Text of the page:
Solved

Samba 4 (on a NAS) as Domain Controller across two sites

Posted on 2015-02-12
4
315 Views
Last Modified: 2015-04-24
I have a client with two offices. One has about 30 users and the other about 15.
They have Server 2003 at one site and a workgroup at the other. All Win 7 and Win 8.
They only use basic file/printer sharing.
I'm contemplating using a NAS running Samba 4 as a domain controller and doing away with Server 2003.
I would install a NAS at each site and a VPN between sites.
99% of the files they need to access will be on the local NAS. Occasionally they will need to access a document on the remote NAS. I don't want to replicate data between the NAS's.
Should I have both sites on the same domain or two separate domains?
Should both sites be on the same subnet or different subnets?
Should I set up one NAS at the Active Domain Controller and the other as a Secondary Domain Controller?
What NAS devices should I consider for this?
If anyone has actually done this I would be interested in hearing about your experience.
0
Comment
Question by:akb
  • 2
  • 2
4 Comments
 
LVL 29

Accepted Solution

by:
Rich Weissler earned 500 total points
ID: 40608026
I'll be curious to see what other responses you receive to this question.  I very well may learn something new today.  Domain controllers provide several network services beyond common file access, not the least of which is a distributed common authentication method.  I believe there are NAS devices which can host an LDAP compatible directory, but I don't believe it'll be Active Directory, and that may be sufficient for your need in this case.  Or, because it sounds like your users really only consume file/print resources ... you may be able to get away with just the native directory built into each of the two NAS devices.  (Of course, in those rare cases where users need to access files in their 'non-native' NAS device, they'd need a second set of credentials.)  The point is, to provide Active Directory, or Active Directory type services... I think you'll need more than Samba.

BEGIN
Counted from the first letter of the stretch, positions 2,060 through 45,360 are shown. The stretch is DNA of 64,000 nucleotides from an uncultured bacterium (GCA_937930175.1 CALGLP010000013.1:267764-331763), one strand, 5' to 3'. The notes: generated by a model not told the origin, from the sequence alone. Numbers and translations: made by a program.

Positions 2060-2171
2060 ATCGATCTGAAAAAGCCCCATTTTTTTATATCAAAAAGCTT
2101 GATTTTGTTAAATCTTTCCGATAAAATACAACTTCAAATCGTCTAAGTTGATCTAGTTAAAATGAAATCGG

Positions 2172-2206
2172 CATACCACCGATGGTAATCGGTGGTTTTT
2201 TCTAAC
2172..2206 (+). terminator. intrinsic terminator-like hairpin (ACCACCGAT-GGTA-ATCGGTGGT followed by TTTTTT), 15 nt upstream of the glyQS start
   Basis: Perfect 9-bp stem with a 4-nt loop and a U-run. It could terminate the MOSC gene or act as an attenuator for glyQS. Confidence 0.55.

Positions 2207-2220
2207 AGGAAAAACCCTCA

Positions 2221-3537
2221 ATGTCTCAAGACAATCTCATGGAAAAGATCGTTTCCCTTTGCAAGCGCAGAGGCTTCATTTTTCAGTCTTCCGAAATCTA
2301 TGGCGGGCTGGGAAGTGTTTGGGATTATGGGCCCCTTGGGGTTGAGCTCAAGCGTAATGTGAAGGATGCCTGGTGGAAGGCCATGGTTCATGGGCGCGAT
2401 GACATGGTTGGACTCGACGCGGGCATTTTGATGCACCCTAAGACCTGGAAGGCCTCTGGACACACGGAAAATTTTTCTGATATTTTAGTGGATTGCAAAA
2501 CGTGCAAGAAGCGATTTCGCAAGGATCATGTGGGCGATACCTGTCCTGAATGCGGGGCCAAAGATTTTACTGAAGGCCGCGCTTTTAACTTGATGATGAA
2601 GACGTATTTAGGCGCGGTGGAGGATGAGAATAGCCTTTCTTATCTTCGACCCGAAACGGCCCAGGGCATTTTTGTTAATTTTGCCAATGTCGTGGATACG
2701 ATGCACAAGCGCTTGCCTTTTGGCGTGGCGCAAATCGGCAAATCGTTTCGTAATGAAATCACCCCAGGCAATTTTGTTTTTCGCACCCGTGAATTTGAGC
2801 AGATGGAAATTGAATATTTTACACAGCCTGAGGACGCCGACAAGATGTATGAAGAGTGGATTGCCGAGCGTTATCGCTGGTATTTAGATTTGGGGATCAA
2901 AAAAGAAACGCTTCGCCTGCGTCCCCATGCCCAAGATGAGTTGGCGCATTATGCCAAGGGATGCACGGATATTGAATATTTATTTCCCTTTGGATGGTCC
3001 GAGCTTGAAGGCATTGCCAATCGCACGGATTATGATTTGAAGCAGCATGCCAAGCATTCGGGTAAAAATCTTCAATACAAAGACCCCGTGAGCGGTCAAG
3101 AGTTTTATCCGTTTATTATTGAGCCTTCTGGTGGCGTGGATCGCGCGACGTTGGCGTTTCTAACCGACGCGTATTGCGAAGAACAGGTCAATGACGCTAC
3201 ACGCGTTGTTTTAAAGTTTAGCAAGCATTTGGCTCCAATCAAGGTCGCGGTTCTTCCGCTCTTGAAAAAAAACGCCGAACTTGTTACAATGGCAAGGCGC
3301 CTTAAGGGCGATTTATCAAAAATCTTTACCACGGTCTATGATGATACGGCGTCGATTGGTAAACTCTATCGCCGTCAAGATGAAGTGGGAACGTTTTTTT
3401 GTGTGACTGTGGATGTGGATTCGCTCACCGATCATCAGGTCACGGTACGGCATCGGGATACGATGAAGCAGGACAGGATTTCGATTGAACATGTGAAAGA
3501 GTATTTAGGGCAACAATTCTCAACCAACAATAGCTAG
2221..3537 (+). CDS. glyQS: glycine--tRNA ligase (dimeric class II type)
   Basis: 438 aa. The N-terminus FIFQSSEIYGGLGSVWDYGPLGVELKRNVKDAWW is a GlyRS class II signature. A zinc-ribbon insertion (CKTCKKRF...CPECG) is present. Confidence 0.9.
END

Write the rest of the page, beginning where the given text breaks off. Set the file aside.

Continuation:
When you start down the path of actual Active Directory, my first thought would be to look at Windows Server Essentials.  At that point, I start to look for NAS devices which might run Windows Server Essentials natively, and to my surprise I discover that Western Digital does offer such a box as does Thecus.  Unfortunately, I can't say that I have any experience with these boxes... this has all been a learning experience for me.  I'm not certain these NAS boxes will be less expensive than general purpose servers with storage and Windows Server 2012 R2 Std licenses.

What I can do today, is look at the specific questions in a more general manner:
> Should I have both sites on the same domain or two separate domains?
If you bother to go to the effort of installing Active Directory, I would tend to want the systems in the same domain.  That's kinda the point for me... to give the users a single set of credentials.  That said, if you go down the path of Windows Server Essentials, it has to be THE domain controller with all the FSMO roles, so you may not get a choice.
> Should both sites be on the same subnet or different subnets?
Connecting two sites with a VPN, I'd definitely have two different subnets.  (The only reason I'd try to bridge two sites with a common subnet is if you have some very specific product that can't be routed.  I haven't seen one of those since the early 1990s.)
> Should I set up one NAS at the Active Domain Controller and the other as a Secondary Domain Controller?